Presidential hopefuls hit the road
SMS us on 35697 using the keyword KZN and tell us what you think. Please include your name and province. SMSes cost R1.50 Deputy President Cyril Ramaphosa yesterday urged ANC branch members to reclaim the space now occupied by civil society and opposition parties and lead the struggle against corruption and state capture.
Ramaphosa and other ANC leaders, including Nkosazana Dlamini-Zuma, have been spending most of their weekends crisscrossing the country addressing cadre forums, memorial lectures and other events, including Women’s Day events this month, as they garner support for their presidential ambitions.
Delivering a lecture on the late ANC icon Oliver Tambo in Braamfischer in Soweto yesterday, presidential hopeful Ramaphosa said “branches need to be leading the way in restoring the values and affirming the integrity of the movement”.
The fight against state capture and corruption has been led mainly by civil society movements and opposition parties who have staged several mass protests countrywide in a bid to force President Jacob Zuma to resign. The ANC has dismissed the external criticism, saying that it was driven by racism and a hidden regime change agenda to topple the party.
“Many of the challenges we face today do not come from the membership or branches. Most of them come from the leadership and where there is failure of leadership the branches need to lead,” he told a hall full of ANC members and supporters from the surrounding townships of Mzimhlope, Dobsonville, Protea, Braamfischer, Snake Park and Tshepisong. The areas constitute zone 7 of the party’s Johannesburg region.
Gauteng ANC secretary Hope Papo and Johannesburg regional secretary Dada Morero were among those who accompanied Ramaphosa.
Ramaphosa said the ANC should at every level, from branches to the top leadership, seek to rebuild the relationship between the party and the people on the ground. “We need to be drawing people towards us and not driving them away. We need to listen to people’s concerns, not dismiss them,” he said.
“We need to listen to our critics, accept where they are right, engage them and seek to win them over. We must seek to unite and we must seek to be inclusive.”
“The ANC cannot be stubborn and hard-headed. Our people are smart and when they see something wrong, it means it is wrong. When they see that our resources are being stolen they are not wrong,” said Ramaphosa.
In Parys, Free State, News24 reported that DlaminiZuma cautioned against using mistakes made in the party to turn against the party, in reference to ANC MPs supporting an opposition motion. “No matter what, we cannot be so angry with the ANC that we walk away from it,” Dlamini-Zuma said.
The presidential hopeful admitted that there were difficulties in the movement but said they were nothing new. “Mistakes will always be made. No person can say they have not made mistakes. The question is how we deal with these mistakes,” she said.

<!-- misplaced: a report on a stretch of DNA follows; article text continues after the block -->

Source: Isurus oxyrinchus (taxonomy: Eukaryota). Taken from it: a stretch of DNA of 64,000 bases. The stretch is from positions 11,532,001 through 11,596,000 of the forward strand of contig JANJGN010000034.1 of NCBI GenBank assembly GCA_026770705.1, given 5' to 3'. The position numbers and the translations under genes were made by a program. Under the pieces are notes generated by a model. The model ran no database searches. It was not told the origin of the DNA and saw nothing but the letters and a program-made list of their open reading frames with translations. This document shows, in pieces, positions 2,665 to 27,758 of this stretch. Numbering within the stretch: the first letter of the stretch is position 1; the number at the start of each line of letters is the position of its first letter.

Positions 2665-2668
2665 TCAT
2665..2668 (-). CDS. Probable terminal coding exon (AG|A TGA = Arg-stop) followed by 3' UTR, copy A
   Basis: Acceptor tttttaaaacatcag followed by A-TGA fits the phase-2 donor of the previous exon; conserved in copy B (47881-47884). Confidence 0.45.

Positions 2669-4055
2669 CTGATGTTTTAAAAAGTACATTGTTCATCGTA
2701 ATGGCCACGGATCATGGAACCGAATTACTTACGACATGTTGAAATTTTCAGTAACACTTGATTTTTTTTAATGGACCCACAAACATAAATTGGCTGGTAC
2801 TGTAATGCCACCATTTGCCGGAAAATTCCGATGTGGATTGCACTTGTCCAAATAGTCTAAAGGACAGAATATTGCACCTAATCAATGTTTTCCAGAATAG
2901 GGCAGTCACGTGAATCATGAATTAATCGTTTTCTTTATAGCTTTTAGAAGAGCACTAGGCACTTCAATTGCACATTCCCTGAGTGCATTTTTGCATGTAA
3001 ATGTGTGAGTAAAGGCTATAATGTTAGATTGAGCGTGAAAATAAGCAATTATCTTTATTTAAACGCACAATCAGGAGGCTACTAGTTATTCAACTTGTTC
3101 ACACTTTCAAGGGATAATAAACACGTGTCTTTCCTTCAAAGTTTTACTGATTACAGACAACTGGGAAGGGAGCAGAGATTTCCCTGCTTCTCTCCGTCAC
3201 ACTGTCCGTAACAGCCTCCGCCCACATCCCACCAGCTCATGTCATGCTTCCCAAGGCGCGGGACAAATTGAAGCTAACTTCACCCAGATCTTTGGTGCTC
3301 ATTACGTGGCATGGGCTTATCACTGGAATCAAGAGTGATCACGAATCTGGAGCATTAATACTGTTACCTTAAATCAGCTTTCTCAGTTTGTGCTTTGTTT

Speaking on the sidelines of an event in KwaZulu-Natal where he gave an address on “economic transformation at this stage of the national democratic revolution”, presidential hopeful and Minister in the Presidency Jeff Radebe said MPs who voted with the opposition in the motion of no confidence must out themselves. Leaders in the Umdoni area on the South Coast of KwaZulu-Natal – where Radebe once served as chairperson – said once the ANC officially opens nominations for the presidency, they would throw their weight behind their former chairperson. Though not formally accepting the nomination, Radebe said he had never shied away from a deployment, “whether big or small”.
On the motion of no confidence which was debated in the National Assembly this week and voted for via secret ballot, Radebe said it was concerning that some within the ANC had broken ranks and voted with opposition parties. “It is very difficult to know who did it, of course, because the Speaker decided on a secret ballot, so I will not want to encourage a sort of witch-hunt to establish that, but those who have done so should have the courage of their convictions to say so,” he said.
“It is concerning. I don’t have the exact figures of ANC MPs who were present in Parliament that day, but the ANC’s position, which was endorsed by the NEC [national executive committee], is very clear. You can never vote for other political parties, especially on a matter where they sought to actually topple the government of the ANC. I myself can never associate with such an initiative,” he said.
On whether or not those MPs should resign, Radebe said he could not comment given his position as chairperson of the ANC’s national disciplinary committee (NDC). “I can just state a general principle that as a loyal member of the ANC being sent to Parliament by the ANC, I cannot, for the life of me, even imagine how I can join forces with the DA to topple my own government.
“That section under which the vote of no confidence was moved by the DA, if that motion had succeeded, it would have meant that the president and the entire Cabinet would have had to resign; that would have been the implication. But as I said, as the chair of the NDC I cannot proffer an opinion.”
He confirmed that, at this stage, no cases regarding the motion of no confidence had been brought before the disciplinary committee.